War zones exist on a completely different plane than Pensacola, and the passage back and forth between the two worlds can be formidable. Even the most basic conversations can be challenging.
“When you get back and someone says, ‘How is it?’ First of all, that’s a really dumb question. Second, they don’t really want to know,” said Dr. Sam Mathews, University of West Florida associate professor and Vietnam War veteran. “You start telling them, about 30 seconds their eyes glaze over—what they want is the elevator speech.”
Mathews will share his insights on Nov. 16 in a panel discussion entitled “Life Issues for Veterans.” The event, A Colloquium on the Health and Well-Being of Military Veterans, is co-hosted by UWF Center on Aging and UWF Military and Veterans Resource Center.
With thousands of veterans returning from tours in Iraq and Afghanistan, the life issues of veterans and their transition back into their lives before war are gaining national attention in the media.
The reality for most of these soldiers is that their return to civilian life can be a jarring experience. Given the benefits offered by the Post 9/11 GI Bill, many choose to pursue an education upon their return home. Around 1,200 veterans are enrolled locally at the University of West Florida.
The move from the war zone to campus life comes with challenges. Along with dealing with issues that plague many veterans—such as Posttraumatic Stress Syndrome (PTSD), family problems or an alarmingly high suicide rate—these new students must also traverse the usually unfamiliar landscape of academia.
“That’s why we’re here, actually,” said Marc Churchwell, director of UWF’s Military and Veterans Resource Center. The MVRC opened last year. Its mission is to help veterans transitioning from the military to the campus. From life in wartime, to life afterward.
“It’s very busy,” Churchwell smiled.
Welcome Home, Stranger
Dr. Sam Mathews, Ph.D., a veteran of the U.S. Army, returned home from his three and a half years in Vietnam in 1972.
“I was a cryptologic technician,” he recalled. “We were sort of a ‘mission impossible’ kind of group, which means we were not to be captured. We didn’t wear parachutes. If the plane went down, they’d bomb the wreckage.”
Matthews can empathize with challenges facing the veterans returning from Iraq and Afghanistan. He found himself adrift when he came home. There were side trips en route to his Ph.D.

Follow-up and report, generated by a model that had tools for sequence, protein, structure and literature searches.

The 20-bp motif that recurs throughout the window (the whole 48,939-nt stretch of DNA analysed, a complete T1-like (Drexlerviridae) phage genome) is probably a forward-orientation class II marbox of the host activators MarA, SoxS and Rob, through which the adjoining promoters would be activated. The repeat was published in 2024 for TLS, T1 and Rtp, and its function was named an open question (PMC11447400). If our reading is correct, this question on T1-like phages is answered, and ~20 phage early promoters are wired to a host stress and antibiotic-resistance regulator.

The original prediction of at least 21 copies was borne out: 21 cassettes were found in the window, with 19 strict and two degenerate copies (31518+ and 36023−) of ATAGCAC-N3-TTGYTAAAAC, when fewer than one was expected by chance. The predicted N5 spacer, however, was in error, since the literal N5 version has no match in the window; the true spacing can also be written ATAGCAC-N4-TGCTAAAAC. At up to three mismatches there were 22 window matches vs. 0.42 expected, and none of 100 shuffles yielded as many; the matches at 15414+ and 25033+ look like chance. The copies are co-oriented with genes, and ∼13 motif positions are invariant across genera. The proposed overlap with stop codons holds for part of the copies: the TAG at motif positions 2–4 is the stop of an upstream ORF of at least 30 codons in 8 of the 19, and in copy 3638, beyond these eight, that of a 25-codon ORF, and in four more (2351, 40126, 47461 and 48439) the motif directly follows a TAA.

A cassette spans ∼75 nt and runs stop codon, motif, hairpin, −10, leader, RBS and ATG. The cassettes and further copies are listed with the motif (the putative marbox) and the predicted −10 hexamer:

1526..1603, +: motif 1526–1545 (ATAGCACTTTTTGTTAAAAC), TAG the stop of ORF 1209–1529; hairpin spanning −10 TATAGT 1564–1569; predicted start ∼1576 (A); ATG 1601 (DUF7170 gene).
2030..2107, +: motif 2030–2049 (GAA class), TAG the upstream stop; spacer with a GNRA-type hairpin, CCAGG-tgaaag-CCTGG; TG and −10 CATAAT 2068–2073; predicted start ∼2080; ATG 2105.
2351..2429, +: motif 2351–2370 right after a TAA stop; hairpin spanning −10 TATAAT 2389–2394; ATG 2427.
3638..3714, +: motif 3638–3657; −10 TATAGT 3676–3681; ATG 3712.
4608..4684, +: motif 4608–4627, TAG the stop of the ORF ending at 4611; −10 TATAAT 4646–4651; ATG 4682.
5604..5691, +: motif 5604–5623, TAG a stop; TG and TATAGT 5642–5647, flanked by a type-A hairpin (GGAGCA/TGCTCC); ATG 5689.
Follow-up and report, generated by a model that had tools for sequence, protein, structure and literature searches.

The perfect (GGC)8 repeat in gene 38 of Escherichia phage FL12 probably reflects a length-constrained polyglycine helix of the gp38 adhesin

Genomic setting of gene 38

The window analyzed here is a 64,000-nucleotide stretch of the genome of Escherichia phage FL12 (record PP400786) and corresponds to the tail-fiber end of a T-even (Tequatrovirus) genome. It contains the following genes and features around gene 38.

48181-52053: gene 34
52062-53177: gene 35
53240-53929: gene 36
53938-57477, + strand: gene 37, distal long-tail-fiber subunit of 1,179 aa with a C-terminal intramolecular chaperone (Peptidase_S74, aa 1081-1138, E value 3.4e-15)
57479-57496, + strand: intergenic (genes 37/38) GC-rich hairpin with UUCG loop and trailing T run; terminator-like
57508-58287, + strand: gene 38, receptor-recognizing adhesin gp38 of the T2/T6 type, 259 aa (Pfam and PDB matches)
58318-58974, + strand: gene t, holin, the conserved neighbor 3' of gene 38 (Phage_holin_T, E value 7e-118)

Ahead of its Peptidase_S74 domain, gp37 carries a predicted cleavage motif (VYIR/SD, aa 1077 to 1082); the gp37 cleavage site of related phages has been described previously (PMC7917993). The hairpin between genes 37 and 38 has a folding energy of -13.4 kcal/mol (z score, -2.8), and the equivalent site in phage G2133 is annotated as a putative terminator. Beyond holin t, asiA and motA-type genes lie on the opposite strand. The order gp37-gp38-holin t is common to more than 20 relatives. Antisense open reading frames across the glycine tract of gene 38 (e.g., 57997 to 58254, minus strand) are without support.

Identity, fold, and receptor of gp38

“I did what seemed easy and interesting—I got into some drugs,” Mathews said.
Once he began attending college, he found it difficult to relate to other students. They lived on a different planet, existed on a different plane.
“They’re upset when class runs five minutes over,” the professor remembered. “You’re sitting there thinking it’s nice to have a working bathroom and an air condition.”
Mathews has a family member that recently returned home from Iraq. He’s passed along some advice he’s taken comfort in over the years.
“You’re not crazy,” he relays, “you’re having a normal reaction to a very abnormal event.”
Counsel from someone who can relate carries weight. Mathews said he’s glad to see that kind of counsel now available on campus in the form of the resource center.
“The Veterans Resource Center is a big step forward,” the professor said.
Vets Helping Vets
Tucked inside Building 38 on UWF’s campus, the Military and Veterans Resource Center is a cozy collection of cubicles and offices. It’s staffed with veterans, there to offer help to other veterans.
Churchwell, the center’s director, sat behind his desk listening to the hustle outside the open office door. Phones ringing, schedules being hammered out, advice being given. It’s something he’s wanted to see for a while.
“I was working on it about three years to get it open,” Churchwell said.
The director understands that veterans are different from other students. They’re coming from a different place, have different needs.
“Their experience in life is different as opposed to your average 20-year-old student who gets stressed out going to class,” he said. “They’ve been blown up, or seen friends blown up by IEDs.”
The resource center offers veterans a source of information and direction. It connects them with services, as well as helping them navigate the education system.
“They can walk in the door and say, ‘I know I have benefits, but I haven’t got a clue how to use them,’” Churchwell said. “We help them figure out a plan.”